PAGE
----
Misfits Season 1Misfits: Season One
Creator: Howard Overman

Cast: Robert Sheehan, Antonia Thomas, Nathan Stewart-Jarrett, Iwan Rheon, Lauren Socha
Review by Brian M. Sammons

The Cliffs Notes version of this TV series from the UK that I was given for it before watching it was “Heroes (the now cancelled NBC series) before it turned to crap, but with five young hooligans for the leads and with a decidedly British flavor” and you know, that’s not a bad way to describe it. This TV show is also played far more for laughs than its American counterpart and because it’s from the BBC, and they don’t faint or wet their knickers over the occasional dirty word or even nudity over there, it has a far more adult feel to it. Not to mention it’s a tad bit more realistic as well … or as realistic as you can be in a show about superpowers. So if you want a super(hero?) show that’s defiantly not for kids, then rejoice, for Misfits has finally made the jump across the pond to North America. But I’m guessing you’re gonna want to know more about this British import before you plunk down your hard earned money for it. Lucky for you that reviewing groovy movies and TV shows is my secret superpower. Yeah, I couldn’t get flying, super strength, or being able to become invisible, no, I got reviewing powers. Yay for me. Oh well, let’s get to it.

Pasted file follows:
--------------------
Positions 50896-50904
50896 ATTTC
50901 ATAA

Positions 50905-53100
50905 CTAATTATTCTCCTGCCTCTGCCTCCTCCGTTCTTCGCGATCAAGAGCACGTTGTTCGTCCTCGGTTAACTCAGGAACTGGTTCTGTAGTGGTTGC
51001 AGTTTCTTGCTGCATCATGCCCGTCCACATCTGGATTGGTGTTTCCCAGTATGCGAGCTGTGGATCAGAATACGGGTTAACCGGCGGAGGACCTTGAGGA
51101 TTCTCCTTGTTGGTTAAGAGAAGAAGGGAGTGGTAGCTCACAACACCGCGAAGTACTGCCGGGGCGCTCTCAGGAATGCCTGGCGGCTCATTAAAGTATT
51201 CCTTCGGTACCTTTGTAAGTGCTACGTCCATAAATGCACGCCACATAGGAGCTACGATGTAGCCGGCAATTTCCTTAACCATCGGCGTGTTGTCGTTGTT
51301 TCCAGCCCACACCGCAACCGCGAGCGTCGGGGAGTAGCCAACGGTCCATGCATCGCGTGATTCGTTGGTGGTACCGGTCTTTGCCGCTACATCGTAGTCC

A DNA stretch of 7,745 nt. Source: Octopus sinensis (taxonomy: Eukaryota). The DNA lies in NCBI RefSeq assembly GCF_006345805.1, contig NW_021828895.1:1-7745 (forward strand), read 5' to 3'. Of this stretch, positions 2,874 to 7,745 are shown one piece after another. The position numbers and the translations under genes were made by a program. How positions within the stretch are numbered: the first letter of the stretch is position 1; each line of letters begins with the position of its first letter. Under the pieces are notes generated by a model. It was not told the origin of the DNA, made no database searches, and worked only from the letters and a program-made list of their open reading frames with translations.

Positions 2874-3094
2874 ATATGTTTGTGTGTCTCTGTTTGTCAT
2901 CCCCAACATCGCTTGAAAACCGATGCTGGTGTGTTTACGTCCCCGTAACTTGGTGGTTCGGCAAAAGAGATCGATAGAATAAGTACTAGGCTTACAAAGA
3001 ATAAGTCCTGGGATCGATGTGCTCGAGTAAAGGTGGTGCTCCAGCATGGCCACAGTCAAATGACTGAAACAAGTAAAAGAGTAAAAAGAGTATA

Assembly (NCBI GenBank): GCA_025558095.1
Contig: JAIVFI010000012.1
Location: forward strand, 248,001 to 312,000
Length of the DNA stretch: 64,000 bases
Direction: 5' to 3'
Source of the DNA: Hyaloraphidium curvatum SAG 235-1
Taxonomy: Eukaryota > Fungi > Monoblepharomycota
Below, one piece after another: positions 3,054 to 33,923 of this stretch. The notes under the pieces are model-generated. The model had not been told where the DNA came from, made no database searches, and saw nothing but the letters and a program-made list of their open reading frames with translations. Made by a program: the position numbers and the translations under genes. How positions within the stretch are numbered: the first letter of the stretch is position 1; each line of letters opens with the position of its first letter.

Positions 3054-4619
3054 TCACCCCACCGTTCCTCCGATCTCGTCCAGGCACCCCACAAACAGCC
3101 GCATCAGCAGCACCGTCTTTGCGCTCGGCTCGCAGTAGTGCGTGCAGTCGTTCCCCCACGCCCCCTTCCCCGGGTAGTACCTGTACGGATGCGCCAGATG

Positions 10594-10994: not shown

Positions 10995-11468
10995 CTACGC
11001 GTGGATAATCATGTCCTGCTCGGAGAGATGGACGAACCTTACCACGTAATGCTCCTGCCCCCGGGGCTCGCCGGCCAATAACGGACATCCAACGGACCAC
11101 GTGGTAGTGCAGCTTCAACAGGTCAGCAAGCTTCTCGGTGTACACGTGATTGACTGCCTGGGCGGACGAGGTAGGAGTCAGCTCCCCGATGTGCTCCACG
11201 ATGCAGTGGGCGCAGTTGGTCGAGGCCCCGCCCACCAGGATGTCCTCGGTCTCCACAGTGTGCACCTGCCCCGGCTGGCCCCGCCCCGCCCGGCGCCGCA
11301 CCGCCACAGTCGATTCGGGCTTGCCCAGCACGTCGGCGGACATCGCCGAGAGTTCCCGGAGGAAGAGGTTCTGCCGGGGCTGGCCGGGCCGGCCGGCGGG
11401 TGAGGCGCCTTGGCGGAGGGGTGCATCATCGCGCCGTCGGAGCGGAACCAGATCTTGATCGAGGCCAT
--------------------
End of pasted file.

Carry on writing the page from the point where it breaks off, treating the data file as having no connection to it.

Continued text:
Despite its sci-fi roots, Misfits is grounded in reality unlike almost all other super powered pieces of fiction. It begins with a collection of young criminals sentenced to community service to pay off their minor crimes. The five, well misfits, aren’t friends, aren’t would-be heroes, and they’re full of their own problems, selfish desires, and antisocial behaviors. Into their self-absorbed world the mother of all weird storms rolls in, and literally out of the blue a bolt of lightning hits the youngsters, granting each a special power that reflects some part of their personality. The nerdy guy everyone ignores can turn invisible. The former star athlete who made one stupid mistake that ruined his life gets the ability to turn back time, but only when he feels guilt or regret. The cute little sexpot gets the non-PG-rated power to turn any man she touches into a slavering, horny, sex fiend. Wait, that’s a superpower? That just seems like any club on the weekend to me, but whatever. That’s the most basic premise of the show, but there’s more to it than that.

That strange storm also rolled through the city and gave a bunch of other folks weird powers too. So naturally a good portion of the first season is rather typical of sci-fi shows with the good old monster of the week, or in this case superpower of the week themed episodes. The five misfits really do seem to run into other super-charged people at an alarmingly frequent rate. Thankfully not all the folks hit by the storm become the typical villains for our heroes to defeat to save the day. In fact, the five young criminals are nowhere near heroic and show no desire to put on masks and capes and save the day. Nope, they’re just regular people trying to make it in the world, and the new powers they got often seem to be more of a nuisance than any sort of gift.